Pay our interns
(NEW YORK) – On hot days, some exceeding 100 degrees, workers spend hours harvesting fruits and vegetables for very little money – produce that ends up on the kitchen tables of people across the country.
Tens of thousands of these workers suffered heat-related injuries and hundreds more died from them, while earning an average of $25,000 to $29,999 a year in one of the most dangerous jobs in the country, found the Economic Policy Institute.
Workers, the majority of whom are Latino and undocumented, are in a constant battle for fair and safe work practices.
However, the workers’ rights movement transcends industries, even though it may look quite different to others.
And in local and federal government agencies, interns have been at the center of a debate about unpaid work.
Only recently have some government offices started paying for their interns, creating a new avenue for people from low-income households to support themselves while gaining basic political and political experience. .
Pay Our Interns, created and led by two Latinos, fueled this change through their advocacy on Capitol Hill.
Latinos have been a major force in the workers’ rights movement for decades, with icons such as Dolores Huerta, Cesar Chavez and Emma Tenayuca leading the struggle.
Farm workers harness the power of collective organization
On August 3, farmworkers began a 24-day, 535-mile “Governor’s Sign-On March” to urge California Governor Gavin Newsom to sign a farmworker’s rights bill.
The bill would make it easier for workers to vote for a union, without intimidation from supervisors, foremen and subcontractors. Farm workers say the vote, as it currently stands, discourages participation in union efforts.
“Currently the only way to do this is in person, at the employer’s premises, where supervisors look over their shoulders, where they engage security, where in many cases immigration has been called and farm workers were kicked out,” said Teresa Romero, president of the United Farm Workers union.
However, Newsom expressed concerns about the bill.
“We cannot support an untested mail-in election process that lacks essential provisions to protect the integrity of the election,” Newsom spokeswoman Erin Mellon told CalMatters.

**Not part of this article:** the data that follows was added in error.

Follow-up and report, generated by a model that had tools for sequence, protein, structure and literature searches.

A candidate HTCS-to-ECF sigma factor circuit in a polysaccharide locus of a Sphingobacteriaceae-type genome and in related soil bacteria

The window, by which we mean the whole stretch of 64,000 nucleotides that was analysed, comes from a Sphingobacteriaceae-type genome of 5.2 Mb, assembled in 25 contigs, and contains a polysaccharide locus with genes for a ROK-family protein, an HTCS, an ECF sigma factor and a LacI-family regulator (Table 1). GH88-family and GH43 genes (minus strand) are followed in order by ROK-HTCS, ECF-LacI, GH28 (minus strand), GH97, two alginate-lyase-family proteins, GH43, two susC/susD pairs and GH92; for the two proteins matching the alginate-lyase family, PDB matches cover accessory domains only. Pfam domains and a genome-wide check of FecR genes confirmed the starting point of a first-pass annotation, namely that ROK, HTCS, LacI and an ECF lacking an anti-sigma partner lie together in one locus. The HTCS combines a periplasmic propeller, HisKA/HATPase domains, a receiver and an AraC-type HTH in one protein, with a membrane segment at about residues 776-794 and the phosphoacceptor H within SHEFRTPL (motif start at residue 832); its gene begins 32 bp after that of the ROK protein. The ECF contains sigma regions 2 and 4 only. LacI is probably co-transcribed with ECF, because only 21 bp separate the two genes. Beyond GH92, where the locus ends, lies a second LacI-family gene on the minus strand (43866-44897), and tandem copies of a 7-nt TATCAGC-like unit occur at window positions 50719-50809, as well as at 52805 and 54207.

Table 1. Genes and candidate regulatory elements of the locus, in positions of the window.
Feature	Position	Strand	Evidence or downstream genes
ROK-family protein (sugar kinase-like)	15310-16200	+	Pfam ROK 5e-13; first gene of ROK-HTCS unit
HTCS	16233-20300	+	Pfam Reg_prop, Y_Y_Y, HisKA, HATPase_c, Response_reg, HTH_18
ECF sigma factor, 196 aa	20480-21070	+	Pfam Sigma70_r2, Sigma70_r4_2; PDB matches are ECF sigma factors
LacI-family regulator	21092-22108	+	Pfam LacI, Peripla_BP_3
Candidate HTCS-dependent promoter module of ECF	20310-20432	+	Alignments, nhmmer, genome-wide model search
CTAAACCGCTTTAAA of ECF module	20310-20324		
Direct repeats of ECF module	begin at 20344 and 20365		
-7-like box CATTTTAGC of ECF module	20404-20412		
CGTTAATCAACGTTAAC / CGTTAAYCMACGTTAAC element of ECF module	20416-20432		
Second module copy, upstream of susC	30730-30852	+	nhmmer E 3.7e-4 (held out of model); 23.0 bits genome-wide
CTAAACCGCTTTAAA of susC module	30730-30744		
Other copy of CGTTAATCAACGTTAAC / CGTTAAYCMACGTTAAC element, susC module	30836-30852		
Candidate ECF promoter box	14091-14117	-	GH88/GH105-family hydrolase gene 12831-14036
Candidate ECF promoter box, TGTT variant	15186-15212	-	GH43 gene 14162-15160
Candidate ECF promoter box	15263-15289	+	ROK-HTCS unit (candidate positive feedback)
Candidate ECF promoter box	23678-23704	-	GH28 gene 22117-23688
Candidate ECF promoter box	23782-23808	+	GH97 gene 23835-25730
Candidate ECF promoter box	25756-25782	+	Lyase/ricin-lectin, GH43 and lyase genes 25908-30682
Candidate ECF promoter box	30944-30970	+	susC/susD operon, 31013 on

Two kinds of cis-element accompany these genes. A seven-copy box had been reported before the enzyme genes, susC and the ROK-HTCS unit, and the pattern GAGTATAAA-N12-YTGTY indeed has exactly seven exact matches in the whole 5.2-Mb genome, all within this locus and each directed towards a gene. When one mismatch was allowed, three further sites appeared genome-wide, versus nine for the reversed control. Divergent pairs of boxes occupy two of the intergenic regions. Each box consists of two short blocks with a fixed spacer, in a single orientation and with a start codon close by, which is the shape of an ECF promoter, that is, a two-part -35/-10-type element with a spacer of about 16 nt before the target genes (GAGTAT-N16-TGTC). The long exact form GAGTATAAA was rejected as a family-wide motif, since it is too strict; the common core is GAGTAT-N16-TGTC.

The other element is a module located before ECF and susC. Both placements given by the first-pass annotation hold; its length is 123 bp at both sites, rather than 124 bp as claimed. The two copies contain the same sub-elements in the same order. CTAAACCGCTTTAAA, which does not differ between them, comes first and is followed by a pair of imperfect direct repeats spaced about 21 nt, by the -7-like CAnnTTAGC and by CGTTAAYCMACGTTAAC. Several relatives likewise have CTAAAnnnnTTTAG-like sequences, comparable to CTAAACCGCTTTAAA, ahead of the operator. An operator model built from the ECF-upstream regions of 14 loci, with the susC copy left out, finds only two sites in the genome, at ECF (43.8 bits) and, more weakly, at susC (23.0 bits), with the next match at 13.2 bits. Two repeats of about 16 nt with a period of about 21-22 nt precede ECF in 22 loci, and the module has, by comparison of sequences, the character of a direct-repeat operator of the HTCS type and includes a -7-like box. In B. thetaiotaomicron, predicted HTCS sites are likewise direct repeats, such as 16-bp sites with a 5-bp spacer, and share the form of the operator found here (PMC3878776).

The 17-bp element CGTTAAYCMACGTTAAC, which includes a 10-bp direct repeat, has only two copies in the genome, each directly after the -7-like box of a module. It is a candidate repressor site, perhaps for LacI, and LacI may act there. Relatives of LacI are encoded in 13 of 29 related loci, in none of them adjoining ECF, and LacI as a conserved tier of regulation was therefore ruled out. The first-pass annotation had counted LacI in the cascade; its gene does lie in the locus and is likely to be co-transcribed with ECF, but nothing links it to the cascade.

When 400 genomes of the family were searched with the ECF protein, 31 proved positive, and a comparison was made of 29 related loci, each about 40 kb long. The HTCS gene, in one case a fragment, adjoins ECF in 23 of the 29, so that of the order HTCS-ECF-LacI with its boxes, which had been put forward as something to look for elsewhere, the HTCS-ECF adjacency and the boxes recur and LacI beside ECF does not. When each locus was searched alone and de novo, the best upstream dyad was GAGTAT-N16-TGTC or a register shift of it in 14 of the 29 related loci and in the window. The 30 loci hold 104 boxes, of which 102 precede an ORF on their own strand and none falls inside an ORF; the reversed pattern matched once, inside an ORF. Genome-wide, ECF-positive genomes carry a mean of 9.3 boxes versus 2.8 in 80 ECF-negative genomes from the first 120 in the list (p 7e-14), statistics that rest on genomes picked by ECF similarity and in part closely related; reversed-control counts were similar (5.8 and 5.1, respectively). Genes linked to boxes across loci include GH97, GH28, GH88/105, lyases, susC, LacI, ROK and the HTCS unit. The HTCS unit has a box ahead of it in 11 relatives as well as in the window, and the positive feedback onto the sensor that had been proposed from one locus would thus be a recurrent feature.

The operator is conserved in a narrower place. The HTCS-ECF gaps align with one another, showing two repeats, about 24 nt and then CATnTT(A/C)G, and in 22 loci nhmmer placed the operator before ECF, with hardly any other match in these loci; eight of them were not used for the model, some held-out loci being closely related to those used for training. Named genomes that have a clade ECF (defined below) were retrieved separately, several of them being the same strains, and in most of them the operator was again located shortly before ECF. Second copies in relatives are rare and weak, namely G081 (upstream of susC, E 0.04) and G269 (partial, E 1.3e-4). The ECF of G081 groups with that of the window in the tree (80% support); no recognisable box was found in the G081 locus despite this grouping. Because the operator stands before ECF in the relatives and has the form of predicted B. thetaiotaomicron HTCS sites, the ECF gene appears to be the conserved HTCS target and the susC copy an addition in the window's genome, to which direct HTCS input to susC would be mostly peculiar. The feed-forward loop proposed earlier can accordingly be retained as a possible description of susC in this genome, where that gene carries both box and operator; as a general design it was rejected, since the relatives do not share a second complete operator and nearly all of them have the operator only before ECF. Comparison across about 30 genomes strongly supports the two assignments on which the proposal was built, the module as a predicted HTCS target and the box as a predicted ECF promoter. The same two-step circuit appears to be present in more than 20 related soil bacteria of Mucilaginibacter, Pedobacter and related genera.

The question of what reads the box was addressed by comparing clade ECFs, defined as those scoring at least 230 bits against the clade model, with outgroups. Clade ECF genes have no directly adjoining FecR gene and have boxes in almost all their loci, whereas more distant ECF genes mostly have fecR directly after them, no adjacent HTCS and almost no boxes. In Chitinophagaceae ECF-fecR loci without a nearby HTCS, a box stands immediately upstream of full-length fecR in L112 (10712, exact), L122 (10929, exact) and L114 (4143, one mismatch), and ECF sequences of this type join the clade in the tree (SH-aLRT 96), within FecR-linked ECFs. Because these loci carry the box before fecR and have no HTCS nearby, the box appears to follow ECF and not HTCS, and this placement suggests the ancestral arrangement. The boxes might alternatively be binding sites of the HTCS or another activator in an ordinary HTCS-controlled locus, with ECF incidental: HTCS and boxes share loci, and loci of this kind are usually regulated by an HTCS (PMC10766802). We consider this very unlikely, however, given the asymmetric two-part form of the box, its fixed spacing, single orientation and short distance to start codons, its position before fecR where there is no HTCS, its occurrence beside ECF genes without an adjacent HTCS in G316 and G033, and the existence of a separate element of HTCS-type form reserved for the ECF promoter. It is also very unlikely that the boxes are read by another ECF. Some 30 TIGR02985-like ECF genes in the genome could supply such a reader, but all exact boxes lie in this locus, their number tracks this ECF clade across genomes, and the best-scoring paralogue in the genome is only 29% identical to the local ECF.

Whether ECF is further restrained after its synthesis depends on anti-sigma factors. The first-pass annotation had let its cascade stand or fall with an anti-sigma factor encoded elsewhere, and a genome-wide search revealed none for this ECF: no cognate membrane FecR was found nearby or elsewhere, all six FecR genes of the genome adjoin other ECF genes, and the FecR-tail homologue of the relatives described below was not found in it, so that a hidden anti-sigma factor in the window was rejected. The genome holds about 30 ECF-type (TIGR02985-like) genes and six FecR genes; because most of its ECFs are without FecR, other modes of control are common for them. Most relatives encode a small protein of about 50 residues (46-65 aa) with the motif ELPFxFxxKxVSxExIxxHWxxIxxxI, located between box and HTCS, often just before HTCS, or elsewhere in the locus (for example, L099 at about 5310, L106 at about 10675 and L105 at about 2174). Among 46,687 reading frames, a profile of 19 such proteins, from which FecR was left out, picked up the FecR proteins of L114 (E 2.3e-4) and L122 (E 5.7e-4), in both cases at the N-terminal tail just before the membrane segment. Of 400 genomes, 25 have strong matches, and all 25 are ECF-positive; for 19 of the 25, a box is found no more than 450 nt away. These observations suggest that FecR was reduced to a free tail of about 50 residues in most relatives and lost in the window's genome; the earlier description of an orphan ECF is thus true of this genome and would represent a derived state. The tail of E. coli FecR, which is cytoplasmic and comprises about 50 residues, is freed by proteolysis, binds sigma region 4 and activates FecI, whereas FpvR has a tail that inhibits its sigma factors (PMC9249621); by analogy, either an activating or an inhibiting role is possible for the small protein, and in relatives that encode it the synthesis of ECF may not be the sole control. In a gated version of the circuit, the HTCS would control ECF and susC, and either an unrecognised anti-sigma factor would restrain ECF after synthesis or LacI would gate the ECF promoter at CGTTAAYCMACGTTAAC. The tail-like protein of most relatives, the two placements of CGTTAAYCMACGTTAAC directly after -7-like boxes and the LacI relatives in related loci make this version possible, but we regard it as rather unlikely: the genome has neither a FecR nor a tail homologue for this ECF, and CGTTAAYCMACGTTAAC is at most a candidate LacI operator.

Farmworkers face harsh working conditions, including low wages, unsafe conditions, and very few, if any, protections against abuse or wrongdoing.
Romero, who heads the organization, says many undocumented workers pay taxes but cannot collect Social Security and cannot retire. Some have to work long hours for years past the average retirement age.
“They work and feed us all,” Romero said.
She continued, “They move from culture to culture, moving their children from town to town so they can support their families. And if we knew that, we’d all be willing to pay a little more for our food, just so these people would get the respect, dignity, and pay they deserve.
Without them, she says, we wouldn’t have food on our tables.
Romero urges people to know where they buy their food, how workers are represented and how they are protected. She said the fight for fair labor practices should not stop and end with farm workers themselves. She said their union struggle is a collective struggle.
“It’s not just manual labor,” she said. “They are professionals who know exactly what to do when dealing with different cultures.”
Fighting for fair working conditions in the office
“Our society has become too accustomed to unpaid work,” says Carlos Mark Vera, co-founder of Pay Our Interns.
He and Guillermo Creamer Jr. started the group to end unpaid work primarily in the public service space. Prior to 2017, Pay Our Interns found that only 10% of congressional interns were paid.
The organization has since worked with Congress to allocate $48 million to lawmakers to pay for their interns.
“Since then that fund has actually grown every year, which is unprecedented, you know, programs don’t usually grow that quickly,” Vera said. “Now that Congress has invested in this, and they are very supportive of this, we have benefited from it for others. So last year we got funding for White House interns, State Department interns for the first time in history.
Unpaid internships push low-income or financially challenged students out of the race to gain experience.
Unpaid internships often force students to choose between finding a job that pays their bills or paying for an internship with their own funds — since Vera says internship expenses like travel or supplies often come from the intern’s wallet.
This primarily affects black and brown students and makes it harder for some students to enter certain fields if only unpaid internships are available.
“How do you grow wealth in this country? Often it is just a matter of getting in through professional channels. But when there’s a price to participating in these opportunities… We know a lot of black and brown families can’t afford to do that,” Creamer said.
They say they were raised in a culture where people had to “pay their dues” through unpaid work. However, they say the culture is changing and people are learning that their work should be valued at all levels.
Vera’s own sister, a sophomore at university, was interviewing for an internship when she asked if he was paid – and the employer said no.
She explained that her brother had an organization dedicated to eradicating unpaid work and declined the opportunity.
“They call the next day, and they’re like, ‘Okay, how about $18 an hour?'” Vera said, praising her sister for standing up for herself.
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